Neighbors and Soccer fans pack the Beacon Hill Library for Jefferson Park meeting

by Frederica Merrell

(Editor’s note: Frederica Merrell reports from last night’s well-attended Jefferson Park expansion meeting.)

Wow! I counted over 115 people in that room (don’t tell the Fire Department). Tonight people filled the chairs, stood all around walls, and spilled into the hall of the Beacon Library meeting room to talk about construction at Jefferson Park. As some of us said afterward, “geez, I guess we need a new library too!” (just kidding)

Parks Department had a lot of good info, including three options (A, B, C) for bundles of projects at Jefferson. I really hope they put it all up on their website soon so people can see the options. Parks wants people to fill out a form of low, medium, high, priorities for about ten recommendations. I don’t know whether this can be done online or not. (There’s nothing on the Parks site about this, at least not yet. — Ed.) They also will just take input from your perspective about whatever you are interested in. (See list of projects below and/or email Parks Department Project Manager Kim Baldwin).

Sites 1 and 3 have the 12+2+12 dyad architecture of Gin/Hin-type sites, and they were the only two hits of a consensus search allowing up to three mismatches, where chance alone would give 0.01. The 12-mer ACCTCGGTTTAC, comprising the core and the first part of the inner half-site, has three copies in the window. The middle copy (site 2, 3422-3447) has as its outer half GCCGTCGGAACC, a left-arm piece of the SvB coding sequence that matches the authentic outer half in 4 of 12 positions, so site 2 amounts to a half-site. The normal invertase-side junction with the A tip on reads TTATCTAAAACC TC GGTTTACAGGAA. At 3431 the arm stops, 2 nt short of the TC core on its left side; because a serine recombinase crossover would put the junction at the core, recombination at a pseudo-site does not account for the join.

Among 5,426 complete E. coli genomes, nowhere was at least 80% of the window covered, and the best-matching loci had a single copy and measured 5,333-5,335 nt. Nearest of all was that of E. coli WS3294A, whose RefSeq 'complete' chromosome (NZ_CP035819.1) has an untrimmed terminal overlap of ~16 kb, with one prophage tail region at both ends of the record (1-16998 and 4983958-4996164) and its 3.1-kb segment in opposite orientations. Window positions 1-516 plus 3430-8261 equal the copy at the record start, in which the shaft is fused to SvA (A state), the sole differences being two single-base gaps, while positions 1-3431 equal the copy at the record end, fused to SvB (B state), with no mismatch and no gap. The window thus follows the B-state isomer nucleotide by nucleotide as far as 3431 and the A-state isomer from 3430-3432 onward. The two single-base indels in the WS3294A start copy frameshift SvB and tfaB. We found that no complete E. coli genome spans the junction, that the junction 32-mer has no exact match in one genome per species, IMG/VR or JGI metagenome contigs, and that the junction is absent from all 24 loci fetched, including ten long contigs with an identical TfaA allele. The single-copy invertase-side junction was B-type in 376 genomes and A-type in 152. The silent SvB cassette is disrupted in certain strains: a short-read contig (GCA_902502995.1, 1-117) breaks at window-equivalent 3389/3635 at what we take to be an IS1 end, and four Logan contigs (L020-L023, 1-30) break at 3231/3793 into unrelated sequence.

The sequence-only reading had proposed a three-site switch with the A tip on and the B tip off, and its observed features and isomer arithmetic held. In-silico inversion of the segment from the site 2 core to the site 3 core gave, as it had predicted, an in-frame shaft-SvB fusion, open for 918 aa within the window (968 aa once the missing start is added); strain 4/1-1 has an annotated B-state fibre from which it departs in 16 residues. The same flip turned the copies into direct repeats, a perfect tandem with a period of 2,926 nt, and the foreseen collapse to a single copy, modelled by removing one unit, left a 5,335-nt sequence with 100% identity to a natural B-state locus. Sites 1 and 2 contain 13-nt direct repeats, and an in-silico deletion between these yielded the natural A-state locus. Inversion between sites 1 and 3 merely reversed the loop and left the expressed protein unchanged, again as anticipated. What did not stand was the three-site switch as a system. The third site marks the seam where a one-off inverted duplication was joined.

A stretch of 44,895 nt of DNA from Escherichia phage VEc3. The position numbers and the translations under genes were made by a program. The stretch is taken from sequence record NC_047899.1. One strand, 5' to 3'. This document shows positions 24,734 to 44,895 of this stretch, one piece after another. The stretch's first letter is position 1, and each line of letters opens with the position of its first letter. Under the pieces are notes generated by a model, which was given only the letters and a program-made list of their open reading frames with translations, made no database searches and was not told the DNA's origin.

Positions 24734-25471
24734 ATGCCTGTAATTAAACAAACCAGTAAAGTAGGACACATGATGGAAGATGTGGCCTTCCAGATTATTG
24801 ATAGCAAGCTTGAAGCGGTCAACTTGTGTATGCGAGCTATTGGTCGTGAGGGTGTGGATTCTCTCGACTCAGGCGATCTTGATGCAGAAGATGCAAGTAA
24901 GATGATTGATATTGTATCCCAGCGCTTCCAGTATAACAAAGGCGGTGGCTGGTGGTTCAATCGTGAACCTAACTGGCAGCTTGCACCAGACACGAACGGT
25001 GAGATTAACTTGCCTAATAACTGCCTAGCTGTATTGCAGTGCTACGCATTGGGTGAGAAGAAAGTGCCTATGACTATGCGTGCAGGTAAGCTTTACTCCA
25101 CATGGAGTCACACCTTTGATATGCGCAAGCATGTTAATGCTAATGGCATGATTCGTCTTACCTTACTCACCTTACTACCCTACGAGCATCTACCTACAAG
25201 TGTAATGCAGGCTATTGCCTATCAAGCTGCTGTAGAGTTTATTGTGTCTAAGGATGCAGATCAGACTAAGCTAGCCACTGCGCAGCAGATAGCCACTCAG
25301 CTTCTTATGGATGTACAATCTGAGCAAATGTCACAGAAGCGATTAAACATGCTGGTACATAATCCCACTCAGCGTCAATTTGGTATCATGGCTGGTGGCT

Of those 115 people, I estimate 6 were city staff and 4 were city consultants. The highest Parks staffer was Kevin Stoops, who is the Superintendent’s right-hand man. Parks Superintendent Tim Gallagher told me he couldn’t come, regrettably because it was his turn to host the local VW Van Club meeting (Cool!). Back to the demographics, about 18 or so folks were advocates for soccer fields, at least some of whom were from the Beacon Hill community. Another 15 or so, all Beaconites, were from the Jefferson Park Alliance (including me). The majority of locals had no group affiliations. The public question and speaking time was short for that many people, only about 40 minutes. I think most people walked out partially informed.